The United Arab Emirates (UAE) is forcefully asserting itself into US politics with a record-setting lobbying effort to drown out critics both foreign and domestic.
The Arab World's second-largest economy spent $12.7 million last year to silence challengers to its ruling families and preserve its world-beating airline industry. After an initial public relations campaign to burnish its image following the 2006 Ports World debacle, the UAE spending spree has soared to new heights over the past few years as the Gulf power has gotten bolder.
Top of mind is the protection of its Open Skies agreement with the United States, which has come under attack from struggling US airlines that accuse the UAE’s Emirates and Etihad airlines — along with Qatar Airways — of receiving unfair subsidies. The industry is vital to the UAE’s strategy of diversifying beyond oil and gas to become a global travel hub and tourism destination — a plan that’s already well on its way after Dubai International Airport surged ahead of London’s Heathrow to become the world’s busiest airport last year, with almost 69 million passengers.
US President Barack Obama's administration launched an open forum in April for stakeholders to weigh in as it ponders its next move. Weeks later, more than 250 House members of both parties in April signed on to a letter calling on the Obama administration to seek official consultations.
“We are concerned that Qatar and the UAE are using these subsidies and other unfair practices to distort the market in favor of their state-owned airlines, contrary to US Open Skies policy,” reads the letter to Secretary of State John Kerry and Transportation Secretary Anthony Foxx. “These actions artificially boost these state-owned carriers and undermine the principles of open competition essential to the airline industry.”
Burned by the attacks on Ports World a decade ago, UAE officials and businesses have pushed back hard.
The carriers have launched a joint campaign to challenge US airlines’ methods and motives. They can count on a $5 million-a-year assist from the Harbour Group, which has been lobbying for the UAE since 2009 on trade and national security issues.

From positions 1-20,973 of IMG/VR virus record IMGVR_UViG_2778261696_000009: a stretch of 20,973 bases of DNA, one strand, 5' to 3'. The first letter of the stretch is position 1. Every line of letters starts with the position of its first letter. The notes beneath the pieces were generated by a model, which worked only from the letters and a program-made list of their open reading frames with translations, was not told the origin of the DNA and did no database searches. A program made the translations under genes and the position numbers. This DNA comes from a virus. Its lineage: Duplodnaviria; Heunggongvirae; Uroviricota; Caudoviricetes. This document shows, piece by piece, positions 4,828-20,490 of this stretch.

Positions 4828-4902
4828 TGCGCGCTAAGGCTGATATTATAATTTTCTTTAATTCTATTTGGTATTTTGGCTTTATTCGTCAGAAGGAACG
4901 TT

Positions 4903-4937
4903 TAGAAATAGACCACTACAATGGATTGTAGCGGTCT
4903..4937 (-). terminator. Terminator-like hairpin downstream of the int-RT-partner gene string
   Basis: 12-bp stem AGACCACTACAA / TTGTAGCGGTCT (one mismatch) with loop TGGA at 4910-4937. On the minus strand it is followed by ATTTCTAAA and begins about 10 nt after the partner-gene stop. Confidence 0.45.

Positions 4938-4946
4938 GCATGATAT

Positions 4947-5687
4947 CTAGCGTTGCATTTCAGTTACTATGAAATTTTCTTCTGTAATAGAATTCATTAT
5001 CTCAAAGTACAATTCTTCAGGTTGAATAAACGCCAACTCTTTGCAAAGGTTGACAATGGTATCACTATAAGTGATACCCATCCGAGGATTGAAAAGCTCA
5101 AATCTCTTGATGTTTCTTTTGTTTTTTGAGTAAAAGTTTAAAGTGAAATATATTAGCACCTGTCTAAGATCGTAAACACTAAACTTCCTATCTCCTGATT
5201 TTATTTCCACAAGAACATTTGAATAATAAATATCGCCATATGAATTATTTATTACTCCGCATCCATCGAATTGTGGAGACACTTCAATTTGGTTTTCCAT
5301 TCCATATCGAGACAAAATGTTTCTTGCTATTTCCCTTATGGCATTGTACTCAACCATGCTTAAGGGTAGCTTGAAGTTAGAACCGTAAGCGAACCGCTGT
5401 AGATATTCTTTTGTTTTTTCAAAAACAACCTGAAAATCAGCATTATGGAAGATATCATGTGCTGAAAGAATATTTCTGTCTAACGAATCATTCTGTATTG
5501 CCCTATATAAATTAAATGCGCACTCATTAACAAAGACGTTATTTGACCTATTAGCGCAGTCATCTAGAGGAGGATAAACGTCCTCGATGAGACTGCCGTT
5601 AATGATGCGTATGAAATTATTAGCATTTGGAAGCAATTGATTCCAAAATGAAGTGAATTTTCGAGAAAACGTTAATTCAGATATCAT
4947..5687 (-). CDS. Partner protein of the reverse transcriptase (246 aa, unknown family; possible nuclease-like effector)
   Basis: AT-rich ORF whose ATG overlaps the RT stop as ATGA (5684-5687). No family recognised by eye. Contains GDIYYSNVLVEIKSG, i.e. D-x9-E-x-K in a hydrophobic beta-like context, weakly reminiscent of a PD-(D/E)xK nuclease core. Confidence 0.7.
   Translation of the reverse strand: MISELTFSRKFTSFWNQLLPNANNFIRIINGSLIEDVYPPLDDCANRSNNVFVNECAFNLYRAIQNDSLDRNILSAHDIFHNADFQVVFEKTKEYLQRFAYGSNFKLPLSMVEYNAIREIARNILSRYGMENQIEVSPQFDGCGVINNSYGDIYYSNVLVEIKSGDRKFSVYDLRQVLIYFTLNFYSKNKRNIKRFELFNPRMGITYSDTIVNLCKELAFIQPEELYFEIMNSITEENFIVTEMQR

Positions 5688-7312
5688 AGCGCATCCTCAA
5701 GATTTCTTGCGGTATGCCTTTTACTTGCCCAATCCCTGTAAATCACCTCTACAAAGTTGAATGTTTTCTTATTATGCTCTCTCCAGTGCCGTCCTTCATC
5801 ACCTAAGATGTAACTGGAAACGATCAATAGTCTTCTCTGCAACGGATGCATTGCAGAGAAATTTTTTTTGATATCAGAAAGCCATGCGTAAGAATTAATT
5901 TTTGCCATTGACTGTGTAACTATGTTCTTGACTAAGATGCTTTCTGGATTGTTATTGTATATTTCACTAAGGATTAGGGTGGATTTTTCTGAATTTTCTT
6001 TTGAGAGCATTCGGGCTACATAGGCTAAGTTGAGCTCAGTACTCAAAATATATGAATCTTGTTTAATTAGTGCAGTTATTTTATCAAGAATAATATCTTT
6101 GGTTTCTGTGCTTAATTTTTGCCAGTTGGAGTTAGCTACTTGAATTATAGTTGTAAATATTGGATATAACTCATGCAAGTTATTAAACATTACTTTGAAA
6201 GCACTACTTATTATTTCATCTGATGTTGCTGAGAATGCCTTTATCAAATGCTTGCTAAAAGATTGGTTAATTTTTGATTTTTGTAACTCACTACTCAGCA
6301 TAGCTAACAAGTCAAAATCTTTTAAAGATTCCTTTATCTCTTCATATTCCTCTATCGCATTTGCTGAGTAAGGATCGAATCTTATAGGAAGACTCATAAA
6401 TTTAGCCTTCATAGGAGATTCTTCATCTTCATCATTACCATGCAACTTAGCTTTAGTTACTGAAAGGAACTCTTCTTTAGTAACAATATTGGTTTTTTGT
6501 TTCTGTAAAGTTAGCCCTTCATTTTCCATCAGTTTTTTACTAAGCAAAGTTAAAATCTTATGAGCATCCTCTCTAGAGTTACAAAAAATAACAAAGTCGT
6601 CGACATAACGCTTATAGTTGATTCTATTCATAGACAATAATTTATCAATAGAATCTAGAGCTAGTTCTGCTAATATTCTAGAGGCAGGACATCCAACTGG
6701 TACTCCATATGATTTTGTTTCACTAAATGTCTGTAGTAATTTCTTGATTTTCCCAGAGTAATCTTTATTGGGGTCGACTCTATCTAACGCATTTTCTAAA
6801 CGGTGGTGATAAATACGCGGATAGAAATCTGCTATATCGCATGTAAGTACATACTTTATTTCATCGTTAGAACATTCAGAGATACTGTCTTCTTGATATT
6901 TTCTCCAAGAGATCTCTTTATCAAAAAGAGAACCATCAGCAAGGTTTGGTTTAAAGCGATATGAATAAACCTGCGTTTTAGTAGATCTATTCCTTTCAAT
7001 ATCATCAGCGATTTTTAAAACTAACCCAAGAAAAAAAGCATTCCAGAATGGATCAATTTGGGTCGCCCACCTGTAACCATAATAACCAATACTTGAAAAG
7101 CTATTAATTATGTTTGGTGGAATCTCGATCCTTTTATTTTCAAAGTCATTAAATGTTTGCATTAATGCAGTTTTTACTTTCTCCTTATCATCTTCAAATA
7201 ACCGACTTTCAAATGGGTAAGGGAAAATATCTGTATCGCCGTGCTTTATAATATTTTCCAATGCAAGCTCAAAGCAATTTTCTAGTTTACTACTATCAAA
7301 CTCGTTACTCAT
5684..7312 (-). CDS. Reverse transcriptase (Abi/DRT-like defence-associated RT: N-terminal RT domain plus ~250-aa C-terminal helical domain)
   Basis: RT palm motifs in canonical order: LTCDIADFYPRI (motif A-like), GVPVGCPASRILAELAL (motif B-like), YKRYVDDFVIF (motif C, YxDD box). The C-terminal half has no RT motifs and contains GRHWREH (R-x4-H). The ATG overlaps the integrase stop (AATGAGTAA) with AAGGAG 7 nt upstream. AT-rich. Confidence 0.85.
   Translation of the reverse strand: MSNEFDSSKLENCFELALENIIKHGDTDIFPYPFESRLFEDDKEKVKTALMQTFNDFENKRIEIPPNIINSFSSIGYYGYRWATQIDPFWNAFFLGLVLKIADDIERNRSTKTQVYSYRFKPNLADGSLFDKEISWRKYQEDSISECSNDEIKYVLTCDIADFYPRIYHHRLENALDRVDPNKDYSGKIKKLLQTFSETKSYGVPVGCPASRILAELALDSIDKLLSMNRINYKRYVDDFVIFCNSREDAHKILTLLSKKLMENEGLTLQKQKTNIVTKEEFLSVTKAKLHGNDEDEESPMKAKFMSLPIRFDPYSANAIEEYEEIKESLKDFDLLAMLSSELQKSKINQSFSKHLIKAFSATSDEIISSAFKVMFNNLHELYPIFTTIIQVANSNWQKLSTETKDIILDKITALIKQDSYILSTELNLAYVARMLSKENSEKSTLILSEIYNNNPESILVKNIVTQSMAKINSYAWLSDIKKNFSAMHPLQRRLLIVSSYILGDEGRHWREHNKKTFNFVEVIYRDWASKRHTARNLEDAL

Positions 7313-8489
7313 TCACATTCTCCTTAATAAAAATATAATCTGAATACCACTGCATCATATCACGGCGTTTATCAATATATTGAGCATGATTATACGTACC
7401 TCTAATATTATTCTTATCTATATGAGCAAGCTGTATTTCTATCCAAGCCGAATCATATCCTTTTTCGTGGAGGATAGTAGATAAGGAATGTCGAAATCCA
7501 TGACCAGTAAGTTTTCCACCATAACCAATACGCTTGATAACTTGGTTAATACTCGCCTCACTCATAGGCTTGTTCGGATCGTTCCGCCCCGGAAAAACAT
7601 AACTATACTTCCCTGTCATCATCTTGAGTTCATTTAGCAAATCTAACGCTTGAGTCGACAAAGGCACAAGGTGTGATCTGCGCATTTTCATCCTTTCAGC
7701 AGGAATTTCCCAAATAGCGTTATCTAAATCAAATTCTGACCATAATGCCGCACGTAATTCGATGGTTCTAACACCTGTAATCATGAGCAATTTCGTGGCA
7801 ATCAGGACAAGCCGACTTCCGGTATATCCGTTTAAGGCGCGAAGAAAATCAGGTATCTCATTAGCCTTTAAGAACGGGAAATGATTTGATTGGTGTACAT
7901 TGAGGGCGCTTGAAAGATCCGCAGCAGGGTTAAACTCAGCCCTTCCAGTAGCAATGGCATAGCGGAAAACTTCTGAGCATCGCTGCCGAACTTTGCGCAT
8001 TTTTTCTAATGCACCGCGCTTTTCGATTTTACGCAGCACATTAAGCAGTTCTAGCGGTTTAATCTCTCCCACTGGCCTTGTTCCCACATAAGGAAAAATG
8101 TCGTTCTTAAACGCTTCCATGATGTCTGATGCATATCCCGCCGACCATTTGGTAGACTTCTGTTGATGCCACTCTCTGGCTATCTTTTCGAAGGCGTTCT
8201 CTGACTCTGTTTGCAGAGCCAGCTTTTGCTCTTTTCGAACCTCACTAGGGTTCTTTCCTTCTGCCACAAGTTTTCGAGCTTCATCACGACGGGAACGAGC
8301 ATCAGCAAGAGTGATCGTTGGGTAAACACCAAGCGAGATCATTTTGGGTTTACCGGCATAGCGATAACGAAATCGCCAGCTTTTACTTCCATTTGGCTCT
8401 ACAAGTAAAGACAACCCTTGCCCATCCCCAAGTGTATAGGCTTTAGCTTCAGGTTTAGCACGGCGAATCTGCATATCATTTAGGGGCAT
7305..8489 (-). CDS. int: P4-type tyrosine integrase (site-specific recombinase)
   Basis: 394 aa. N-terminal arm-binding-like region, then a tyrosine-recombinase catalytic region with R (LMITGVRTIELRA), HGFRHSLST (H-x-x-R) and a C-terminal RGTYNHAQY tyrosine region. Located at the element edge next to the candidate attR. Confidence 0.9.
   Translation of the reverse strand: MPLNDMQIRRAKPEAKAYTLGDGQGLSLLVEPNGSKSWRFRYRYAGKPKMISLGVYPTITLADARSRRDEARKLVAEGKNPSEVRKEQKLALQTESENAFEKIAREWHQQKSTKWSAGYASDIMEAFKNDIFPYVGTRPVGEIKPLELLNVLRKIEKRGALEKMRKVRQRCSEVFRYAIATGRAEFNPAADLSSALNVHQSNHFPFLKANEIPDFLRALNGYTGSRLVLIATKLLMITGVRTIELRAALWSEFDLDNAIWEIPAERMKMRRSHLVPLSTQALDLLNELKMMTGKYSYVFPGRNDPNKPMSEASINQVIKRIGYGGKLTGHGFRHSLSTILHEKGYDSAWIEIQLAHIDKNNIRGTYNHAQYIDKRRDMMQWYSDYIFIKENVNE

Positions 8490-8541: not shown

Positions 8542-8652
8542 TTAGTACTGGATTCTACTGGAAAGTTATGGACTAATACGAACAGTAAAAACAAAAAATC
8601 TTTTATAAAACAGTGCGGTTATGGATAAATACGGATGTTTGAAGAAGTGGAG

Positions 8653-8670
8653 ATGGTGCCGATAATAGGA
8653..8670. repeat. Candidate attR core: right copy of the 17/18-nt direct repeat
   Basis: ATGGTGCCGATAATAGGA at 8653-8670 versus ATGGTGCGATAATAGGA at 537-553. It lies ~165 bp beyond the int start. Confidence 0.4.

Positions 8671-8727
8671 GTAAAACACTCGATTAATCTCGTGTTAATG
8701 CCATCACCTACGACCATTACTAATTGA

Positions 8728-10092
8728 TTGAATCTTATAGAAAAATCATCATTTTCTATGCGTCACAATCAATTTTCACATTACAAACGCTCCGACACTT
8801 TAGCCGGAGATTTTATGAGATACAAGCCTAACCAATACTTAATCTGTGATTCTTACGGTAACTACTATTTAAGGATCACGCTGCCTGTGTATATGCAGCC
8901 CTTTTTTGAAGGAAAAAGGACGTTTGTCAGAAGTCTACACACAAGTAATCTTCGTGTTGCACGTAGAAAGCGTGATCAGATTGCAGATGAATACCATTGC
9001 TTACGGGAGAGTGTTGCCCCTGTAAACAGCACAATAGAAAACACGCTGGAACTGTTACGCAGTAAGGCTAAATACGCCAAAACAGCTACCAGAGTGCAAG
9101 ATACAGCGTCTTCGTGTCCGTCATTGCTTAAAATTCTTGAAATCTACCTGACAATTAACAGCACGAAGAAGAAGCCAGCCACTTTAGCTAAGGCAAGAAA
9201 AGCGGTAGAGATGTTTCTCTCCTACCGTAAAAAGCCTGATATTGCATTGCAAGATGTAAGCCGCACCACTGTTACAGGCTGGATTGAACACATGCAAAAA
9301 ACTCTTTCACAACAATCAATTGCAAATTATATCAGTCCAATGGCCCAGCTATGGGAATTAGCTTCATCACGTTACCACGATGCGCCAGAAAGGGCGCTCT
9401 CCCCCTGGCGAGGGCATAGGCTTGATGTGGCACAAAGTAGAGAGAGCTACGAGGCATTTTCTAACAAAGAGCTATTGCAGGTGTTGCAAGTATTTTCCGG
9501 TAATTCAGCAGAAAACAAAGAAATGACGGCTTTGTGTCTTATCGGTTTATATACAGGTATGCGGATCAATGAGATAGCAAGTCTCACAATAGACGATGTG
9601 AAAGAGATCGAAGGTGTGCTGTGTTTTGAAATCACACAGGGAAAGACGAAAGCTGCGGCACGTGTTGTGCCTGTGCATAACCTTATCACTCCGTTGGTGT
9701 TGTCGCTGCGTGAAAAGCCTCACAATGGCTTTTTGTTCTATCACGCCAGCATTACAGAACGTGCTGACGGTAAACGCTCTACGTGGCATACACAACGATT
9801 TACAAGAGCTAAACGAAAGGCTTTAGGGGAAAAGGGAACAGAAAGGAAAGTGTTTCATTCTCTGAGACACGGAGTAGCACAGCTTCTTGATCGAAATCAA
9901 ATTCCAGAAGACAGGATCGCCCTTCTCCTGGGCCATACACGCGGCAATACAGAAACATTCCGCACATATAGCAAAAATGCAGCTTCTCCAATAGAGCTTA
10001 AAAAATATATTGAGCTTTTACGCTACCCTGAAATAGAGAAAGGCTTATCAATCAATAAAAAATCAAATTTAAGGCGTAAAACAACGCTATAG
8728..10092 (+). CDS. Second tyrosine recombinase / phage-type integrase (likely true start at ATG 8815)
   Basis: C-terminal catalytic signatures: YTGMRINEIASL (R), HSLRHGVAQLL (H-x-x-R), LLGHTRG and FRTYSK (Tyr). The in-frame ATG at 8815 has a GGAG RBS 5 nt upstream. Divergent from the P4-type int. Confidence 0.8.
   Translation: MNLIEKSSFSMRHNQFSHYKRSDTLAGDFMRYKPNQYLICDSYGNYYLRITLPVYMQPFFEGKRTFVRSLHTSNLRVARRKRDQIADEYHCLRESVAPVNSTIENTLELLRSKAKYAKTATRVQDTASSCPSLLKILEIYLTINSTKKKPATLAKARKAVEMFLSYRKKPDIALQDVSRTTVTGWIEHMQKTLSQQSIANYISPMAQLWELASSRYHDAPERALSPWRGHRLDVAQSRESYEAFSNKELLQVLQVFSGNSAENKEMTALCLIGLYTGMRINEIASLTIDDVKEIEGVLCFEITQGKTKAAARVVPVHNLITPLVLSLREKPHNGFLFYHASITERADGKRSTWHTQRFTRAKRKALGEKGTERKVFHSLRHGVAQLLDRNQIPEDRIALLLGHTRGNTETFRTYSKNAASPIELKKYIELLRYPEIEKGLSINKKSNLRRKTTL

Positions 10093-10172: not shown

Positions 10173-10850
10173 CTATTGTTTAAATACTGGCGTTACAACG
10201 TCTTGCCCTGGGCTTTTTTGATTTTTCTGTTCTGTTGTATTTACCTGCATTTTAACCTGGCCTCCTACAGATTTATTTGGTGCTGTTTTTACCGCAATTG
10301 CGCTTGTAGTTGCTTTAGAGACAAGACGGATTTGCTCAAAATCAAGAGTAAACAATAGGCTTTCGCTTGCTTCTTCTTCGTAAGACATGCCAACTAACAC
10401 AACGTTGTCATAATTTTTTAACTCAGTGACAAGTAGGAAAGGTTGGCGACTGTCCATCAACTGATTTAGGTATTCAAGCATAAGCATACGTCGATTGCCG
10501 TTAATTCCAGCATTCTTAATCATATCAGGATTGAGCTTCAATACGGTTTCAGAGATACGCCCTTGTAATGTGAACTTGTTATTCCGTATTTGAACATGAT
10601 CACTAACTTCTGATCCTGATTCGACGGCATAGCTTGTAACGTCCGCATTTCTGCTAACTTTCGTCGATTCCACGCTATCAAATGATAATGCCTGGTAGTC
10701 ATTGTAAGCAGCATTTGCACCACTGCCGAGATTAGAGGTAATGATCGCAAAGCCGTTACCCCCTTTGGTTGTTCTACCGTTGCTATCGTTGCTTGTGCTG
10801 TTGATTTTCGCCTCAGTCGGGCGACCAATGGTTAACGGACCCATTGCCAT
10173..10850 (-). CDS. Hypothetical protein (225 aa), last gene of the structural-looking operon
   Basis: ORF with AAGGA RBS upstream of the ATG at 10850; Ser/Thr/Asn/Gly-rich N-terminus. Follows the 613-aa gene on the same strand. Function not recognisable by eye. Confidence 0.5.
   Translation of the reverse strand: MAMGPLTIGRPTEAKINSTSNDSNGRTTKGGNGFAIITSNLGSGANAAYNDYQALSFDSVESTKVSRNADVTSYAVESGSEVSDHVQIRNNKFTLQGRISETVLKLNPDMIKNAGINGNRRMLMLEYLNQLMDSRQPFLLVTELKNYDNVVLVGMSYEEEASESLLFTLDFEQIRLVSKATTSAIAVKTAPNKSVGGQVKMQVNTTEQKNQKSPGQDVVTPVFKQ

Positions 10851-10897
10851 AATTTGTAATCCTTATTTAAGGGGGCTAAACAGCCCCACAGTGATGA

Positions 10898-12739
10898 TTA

The emirates have also spent big to get the United States on board their global campaign against the Muslim Brotherhood. Concerned about challenges to their authority post-Arab Spring, the UAE’s rulers labeled the Muslim Brotherhood and a host of other Islamist groups as terrorists back in November.
Over the past year, Abu Dhabi’s Outlook Energy Investments LLC has relied on its $6.1 million-a-year contract with former Treasury Department officials at the Camstoll Group to turn the heat on Qatar for playing host to Hamas and other Sunni Islamists. The strategy has succeeded in helping flood right-wing US media with stories denouncing Doha, while ironically shining a spotlight on the UAE’s behind-the-scenes role.
The UAE has also discreetly kept an eye on the congressional debate over the Export-Import Bank, according to lobbying filings by Akin Gump Strauss Hauer & Feld. Congress allowed the bank’s authorization to expire in June, but the Senate voted on July 27 to revive it.
The UAE and its airline industry has been a top beneficiary of the export subsidies, with almost $6 billion in loans and guarantees over the past five years, according to an analysis by Al-Monitor. And the Dubai Economic Council in 2013 signed a $5 billion nonbinding agreement, obtained by Al-Monitor through a Freedom of Information request, calling for the bank to help finance future infrastructure projects.
“I would assume that governments from around the world — not just the UAE — are expressing an opinion behind the scenes, letting people know how important the bank is,” US-UAE Business Council President Danny Sebright told Al-Monitor. “But it might be seen as impolitic for any government to come out … openly and publicly."
The UAE is also well-placed to benefit from the nuclear deal with Iran.
Obama promised during his Gulf Cooperation Council summit in May to beef up US military support to Gulf countries that feel threatened by Iran. And unlike its big brother, Saudi Arabia, the UAE eyes the deal as a golden opportunity to further tap into the region’s largest untapped market once sanctions are lifted.
The UAE has also earned US kudos for taking the fight to the Islamic State. Its decision to field female fighter pilots, in particular, has earned the relatively progressive emirates priceless public relations around the world.
The bilateral ties only go so far, however.
UAE strikes against Islamists in Libya have been met with reprobation from the State Department, which favors a negotiated political settlement. And the Department of Defense has rebuffed the emirates’ request for new F-35 Joint Strike Fighters, in part because of concerns they would erode US commitments to preserve Israel’s “qualitative military edge.”
"I do not anticipate any near-term sales for the F-35 in the region," Frank Kendall, the Pentagon's acquisitions chief, told reporters in Abu Dhabi in February, according to Reuters. "I think it would be a very sensitive sale to try to bring about for a lot of reasons."